FDA approves new hydrocodone drug

The U.S. Food and Drug Administration has approved a hydrocodone drug known as Hysingla ER that has properties expected to reduce, but not totally prevent, abuse of the drug (the tablet is difficult to crush, break or dissolve and cannot be easily prepared for injection.)

Dentists should be aware that their patients might ask about the drug, which is not approved for, and should not be used for, as-needed pain relief. Taking too much Hysingla ER, whether by intentional abuse or by accident, can cause an overdose that may result in death. According to the FDA, Hysingla ER should only be prescribed to people for whom alternative treatment options are ineffective, not tolerated or would be otherwise inadequate to provide sufficient pain management.

Paul Moore, DMD, PhD, professor of pharmacology, dental anesthesiology and dental public health at the University of Pittsburgh School of Dental Medicine, was quoted as follows in the ADA News.

"Hysingla ER is a delayed release single-entity formulation that contains only hydrocodone. It is indicated specifically for severe, poorly controlled chronic pain and will have few indications in dental medicine and in the management of acute postoperative pain," said Moore, who also is a member of the ADA Council on Scientific Affairs. "However, as these formulations become available, it will be important for dentist to know if a patient is taking an opioid such as Hysingla because of possible drug interactions with prescribing analgesics and sedatives."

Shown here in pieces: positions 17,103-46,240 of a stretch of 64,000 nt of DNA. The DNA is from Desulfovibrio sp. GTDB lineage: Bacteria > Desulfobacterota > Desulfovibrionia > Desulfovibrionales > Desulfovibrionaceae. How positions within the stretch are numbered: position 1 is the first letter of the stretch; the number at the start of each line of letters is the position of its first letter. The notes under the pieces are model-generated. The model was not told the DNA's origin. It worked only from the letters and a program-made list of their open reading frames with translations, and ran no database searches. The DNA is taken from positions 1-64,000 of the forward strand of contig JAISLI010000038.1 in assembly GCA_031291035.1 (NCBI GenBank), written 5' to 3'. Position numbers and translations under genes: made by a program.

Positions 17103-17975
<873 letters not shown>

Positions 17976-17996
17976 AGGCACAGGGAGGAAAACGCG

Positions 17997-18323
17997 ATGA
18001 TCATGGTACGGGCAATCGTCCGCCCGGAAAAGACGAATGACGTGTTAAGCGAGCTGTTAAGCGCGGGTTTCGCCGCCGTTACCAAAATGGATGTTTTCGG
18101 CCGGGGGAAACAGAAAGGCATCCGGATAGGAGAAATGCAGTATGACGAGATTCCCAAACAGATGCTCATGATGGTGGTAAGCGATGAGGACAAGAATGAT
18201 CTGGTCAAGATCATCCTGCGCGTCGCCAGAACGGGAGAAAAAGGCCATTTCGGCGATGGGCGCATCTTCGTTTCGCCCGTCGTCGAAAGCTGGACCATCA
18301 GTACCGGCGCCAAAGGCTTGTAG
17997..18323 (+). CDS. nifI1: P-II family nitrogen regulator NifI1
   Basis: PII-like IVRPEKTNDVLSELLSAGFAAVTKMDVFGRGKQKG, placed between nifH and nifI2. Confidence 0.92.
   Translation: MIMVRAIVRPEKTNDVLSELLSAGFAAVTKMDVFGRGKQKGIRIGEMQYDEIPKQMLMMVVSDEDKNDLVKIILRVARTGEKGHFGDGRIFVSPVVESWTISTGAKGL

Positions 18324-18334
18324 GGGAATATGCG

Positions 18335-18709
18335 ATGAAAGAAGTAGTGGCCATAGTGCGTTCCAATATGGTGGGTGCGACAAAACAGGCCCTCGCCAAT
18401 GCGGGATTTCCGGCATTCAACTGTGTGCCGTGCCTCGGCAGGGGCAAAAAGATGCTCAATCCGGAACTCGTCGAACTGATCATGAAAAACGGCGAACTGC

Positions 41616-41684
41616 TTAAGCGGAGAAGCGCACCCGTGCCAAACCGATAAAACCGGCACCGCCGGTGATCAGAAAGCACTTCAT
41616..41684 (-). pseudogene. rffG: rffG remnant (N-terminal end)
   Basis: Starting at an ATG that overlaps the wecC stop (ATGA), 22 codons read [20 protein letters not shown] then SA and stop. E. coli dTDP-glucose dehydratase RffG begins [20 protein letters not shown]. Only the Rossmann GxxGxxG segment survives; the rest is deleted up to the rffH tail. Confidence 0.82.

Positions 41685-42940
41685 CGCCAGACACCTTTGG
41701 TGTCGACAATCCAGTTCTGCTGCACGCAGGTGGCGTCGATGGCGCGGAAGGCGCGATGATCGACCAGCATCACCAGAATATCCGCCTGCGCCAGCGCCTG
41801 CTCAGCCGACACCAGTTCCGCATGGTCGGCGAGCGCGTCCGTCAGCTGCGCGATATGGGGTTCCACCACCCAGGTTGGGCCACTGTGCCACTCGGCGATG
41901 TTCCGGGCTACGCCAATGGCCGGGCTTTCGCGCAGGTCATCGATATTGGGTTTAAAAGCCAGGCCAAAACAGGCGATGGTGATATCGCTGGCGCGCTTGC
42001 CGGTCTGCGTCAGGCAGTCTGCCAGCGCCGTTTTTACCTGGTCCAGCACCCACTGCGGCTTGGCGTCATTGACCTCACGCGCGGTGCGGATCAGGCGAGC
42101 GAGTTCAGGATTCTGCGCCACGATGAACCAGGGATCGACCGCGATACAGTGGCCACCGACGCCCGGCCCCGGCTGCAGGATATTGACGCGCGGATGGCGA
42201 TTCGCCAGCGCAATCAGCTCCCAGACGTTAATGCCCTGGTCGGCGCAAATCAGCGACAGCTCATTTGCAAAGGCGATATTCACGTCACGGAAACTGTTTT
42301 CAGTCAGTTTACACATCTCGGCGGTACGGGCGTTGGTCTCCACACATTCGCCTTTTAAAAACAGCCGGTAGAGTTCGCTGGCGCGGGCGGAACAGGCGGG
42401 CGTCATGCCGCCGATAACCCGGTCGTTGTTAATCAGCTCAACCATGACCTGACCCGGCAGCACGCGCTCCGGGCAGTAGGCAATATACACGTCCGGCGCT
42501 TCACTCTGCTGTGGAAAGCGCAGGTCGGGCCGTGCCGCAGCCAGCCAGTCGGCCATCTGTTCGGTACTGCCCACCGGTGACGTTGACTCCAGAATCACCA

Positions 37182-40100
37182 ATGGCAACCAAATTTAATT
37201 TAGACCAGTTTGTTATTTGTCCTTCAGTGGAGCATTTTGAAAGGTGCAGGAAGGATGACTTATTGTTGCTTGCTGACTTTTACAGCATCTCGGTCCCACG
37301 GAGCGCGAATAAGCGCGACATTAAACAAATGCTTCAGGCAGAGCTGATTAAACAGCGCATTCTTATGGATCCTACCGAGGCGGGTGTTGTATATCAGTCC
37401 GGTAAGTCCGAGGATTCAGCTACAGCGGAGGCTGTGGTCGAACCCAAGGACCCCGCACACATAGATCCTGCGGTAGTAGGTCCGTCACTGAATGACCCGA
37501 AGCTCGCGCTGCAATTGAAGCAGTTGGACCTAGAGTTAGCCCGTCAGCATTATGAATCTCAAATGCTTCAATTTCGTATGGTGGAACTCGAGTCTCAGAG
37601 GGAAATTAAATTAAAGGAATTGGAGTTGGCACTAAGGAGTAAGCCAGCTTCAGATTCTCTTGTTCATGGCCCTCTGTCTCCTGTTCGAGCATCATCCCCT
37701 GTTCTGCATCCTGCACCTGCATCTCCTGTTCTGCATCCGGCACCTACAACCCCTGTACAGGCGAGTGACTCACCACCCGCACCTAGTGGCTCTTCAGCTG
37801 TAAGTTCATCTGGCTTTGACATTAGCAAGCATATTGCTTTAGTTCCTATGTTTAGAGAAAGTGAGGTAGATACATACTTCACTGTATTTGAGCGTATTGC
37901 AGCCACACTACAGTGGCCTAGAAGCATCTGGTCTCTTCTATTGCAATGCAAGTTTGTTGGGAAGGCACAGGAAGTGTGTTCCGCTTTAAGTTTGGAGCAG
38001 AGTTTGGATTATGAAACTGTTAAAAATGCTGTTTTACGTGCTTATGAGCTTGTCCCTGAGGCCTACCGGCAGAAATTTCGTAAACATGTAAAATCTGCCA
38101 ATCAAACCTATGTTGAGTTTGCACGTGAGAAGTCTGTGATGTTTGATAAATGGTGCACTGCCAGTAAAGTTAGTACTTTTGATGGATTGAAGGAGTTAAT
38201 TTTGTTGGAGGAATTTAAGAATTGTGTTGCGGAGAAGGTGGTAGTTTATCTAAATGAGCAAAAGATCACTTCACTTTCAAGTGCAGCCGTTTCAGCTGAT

According to the FDA, strengths of Hysingla ER contain 20, 30, 40, 60, 80, 100 and 120 milligrams (mg) of hydrocodone to be taken every 24 hours. Doses of 80 mg per day and higher should not be prescribed to people who have not previously taken an opioid medication (opioid non-tolerant). While Hysingla ER contains larger amounts of hydrocodone compared to immediate-release hydrocodone combination products, the range of tablet strengths of Hysingla ER is comparable to existing approved ER opioids.

For more information, visit fda.gov.